38. 38. UXPA 2016-Comping Rapid paper iteration to start.
  39. 39. Wireframes Keeping assets low fidelity until content and functionality has been set allows for modification without fear of “sunk cost”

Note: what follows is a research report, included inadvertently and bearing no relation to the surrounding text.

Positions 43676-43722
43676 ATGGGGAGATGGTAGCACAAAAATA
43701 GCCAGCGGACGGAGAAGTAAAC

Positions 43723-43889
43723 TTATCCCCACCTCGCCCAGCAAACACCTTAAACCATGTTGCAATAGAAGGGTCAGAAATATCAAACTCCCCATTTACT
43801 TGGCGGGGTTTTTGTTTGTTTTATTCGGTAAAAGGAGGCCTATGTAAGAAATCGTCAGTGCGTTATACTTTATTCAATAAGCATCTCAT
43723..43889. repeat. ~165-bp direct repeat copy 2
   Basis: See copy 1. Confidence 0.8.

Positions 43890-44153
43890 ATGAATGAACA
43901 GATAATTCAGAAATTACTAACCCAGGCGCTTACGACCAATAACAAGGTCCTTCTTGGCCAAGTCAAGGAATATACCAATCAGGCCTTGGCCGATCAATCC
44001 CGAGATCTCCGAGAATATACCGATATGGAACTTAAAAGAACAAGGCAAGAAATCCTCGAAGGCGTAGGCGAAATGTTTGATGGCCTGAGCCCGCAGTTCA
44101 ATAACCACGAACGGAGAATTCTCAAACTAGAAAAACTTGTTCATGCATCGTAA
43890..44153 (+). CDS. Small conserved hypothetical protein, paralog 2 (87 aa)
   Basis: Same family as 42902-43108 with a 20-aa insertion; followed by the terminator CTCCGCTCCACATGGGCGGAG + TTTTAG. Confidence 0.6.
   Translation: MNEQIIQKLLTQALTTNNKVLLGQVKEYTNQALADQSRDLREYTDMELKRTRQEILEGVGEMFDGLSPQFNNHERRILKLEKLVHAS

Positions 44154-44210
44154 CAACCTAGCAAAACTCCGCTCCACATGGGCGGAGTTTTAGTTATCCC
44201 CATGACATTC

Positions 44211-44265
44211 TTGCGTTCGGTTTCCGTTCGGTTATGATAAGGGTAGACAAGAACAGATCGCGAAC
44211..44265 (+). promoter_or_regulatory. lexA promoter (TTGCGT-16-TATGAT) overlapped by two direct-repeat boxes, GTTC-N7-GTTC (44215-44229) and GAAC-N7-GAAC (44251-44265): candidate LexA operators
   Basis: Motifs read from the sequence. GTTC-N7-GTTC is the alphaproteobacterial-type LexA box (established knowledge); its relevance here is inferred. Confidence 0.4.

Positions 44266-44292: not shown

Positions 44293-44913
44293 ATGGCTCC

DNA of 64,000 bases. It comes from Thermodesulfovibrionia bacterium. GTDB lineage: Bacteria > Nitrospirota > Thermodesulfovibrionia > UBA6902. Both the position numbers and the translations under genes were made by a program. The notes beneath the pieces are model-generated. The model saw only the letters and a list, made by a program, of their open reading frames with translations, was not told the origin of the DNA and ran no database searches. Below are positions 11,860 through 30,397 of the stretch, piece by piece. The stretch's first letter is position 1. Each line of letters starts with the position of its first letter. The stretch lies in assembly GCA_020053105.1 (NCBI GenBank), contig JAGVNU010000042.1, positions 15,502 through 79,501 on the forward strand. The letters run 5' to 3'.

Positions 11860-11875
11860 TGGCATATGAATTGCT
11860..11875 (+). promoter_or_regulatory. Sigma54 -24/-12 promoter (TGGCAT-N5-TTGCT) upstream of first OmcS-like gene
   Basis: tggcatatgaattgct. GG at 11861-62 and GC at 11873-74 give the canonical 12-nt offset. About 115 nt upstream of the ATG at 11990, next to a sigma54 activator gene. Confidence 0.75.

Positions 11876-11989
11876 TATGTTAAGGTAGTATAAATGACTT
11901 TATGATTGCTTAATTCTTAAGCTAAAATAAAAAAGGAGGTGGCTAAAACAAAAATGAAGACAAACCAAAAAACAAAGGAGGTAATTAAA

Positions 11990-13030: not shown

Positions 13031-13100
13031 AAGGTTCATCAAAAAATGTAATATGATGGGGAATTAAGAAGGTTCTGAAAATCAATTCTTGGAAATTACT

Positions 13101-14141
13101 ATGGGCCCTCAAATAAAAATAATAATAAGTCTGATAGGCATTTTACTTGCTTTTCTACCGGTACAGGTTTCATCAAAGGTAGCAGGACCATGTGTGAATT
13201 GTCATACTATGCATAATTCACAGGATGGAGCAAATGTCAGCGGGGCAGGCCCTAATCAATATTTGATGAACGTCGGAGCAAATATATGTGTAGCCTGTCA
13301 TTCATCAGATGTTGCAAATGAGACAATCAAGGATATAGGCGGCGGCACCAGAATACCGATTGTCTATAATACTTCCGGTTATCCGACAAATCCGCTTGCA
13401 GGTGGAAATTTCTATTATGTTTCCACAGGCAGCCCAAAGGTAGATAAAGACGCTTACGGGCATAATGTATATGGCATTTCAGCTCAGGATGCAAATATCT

40. 40. Style Tiles & Static Mocks Design, theme, and visual elements can be explored and revised well before any coding. Privacy Policy | Contact | Submission Releases and Permissions Copyright © 2015 UXPA All Rights Reserved Home | Stay | Why Attend | Important Dates + Join Hundreds of UX Professionals UXPA International is proud to be combining forces with the UXPA Seattle Chap- ter to bring the 2016 UXPA International Conference to the Emerald City! The UXPA Seattle chapter has been active in the Puget Sound area for several years and has grown to be an integral part of the user experience scene. Seattle is home to many companies, some of which you might know: Microsoft, Amazon, Facebook, Adobe, Big Fish Games, Allrecipies, Cheezburger, Tableau Soft- ware, Zillow.com - just to name a few! Meet Your Conference Team Lorie Whitaker Chair Ona Anicello Co-Chair Register Now! Stay Located in the heart of downtown Seattle, the Westin hotel will be home to UXPA 2016. More > Why Attend Whether you’re running an in-house UX department or managing a team at an agency that services many clients, you know how hard it can be to keep on top of emerging trends. More > Important Dates Plan now to maximize your experience at UXPA 2016 and to lock in the best rates. More > HOME STAY WHY ATTEND IMPORTANT DATES SEATTLE 2016 MAY 31 - JUNE 2 X Days X Hours X Minutes X Seconds UXPA 25th Anniversary Why You Should AttendSubmit Your Proposal Thanks to Our Sponsors Secondary Action What You’ll See I·STYLETILE 1765-UXPA 2016 IDENTITY BRIEF AND INTERACTIVE DESIGN GUIDE HEADER SAMPLE TEXT SAMPLE COLOR SAMPLES IMAGE SAMPLES DESCRIPTIVE ADJECTIVESBUTTON SAMPLE Heading 1 Heading 2 Ecus re sit quam in natibero endiore exeri dolor siminctibus. Facea eatem fuga. Nament volessit quodist, velitas ut omni quibea volupta turitem dolupta tenimol uptatem hillaccus apelit que verit libearit etusa iusamen descidendae ped quo dolleceati berum dolor as velibusdae rem nihit ipienem a con comnihi ciendae prorat. Am dolestius mi, quaturi quo volupis non cum excernam, sin eiunditat es arum que latiis etur, InclusiveDesigner Developer Inviting User Experience Interaction Networking Informal HOME STAY WHY ATTEND IMPORTANT DATES Seattle 2016May 31 - June 2 Normal State Hover State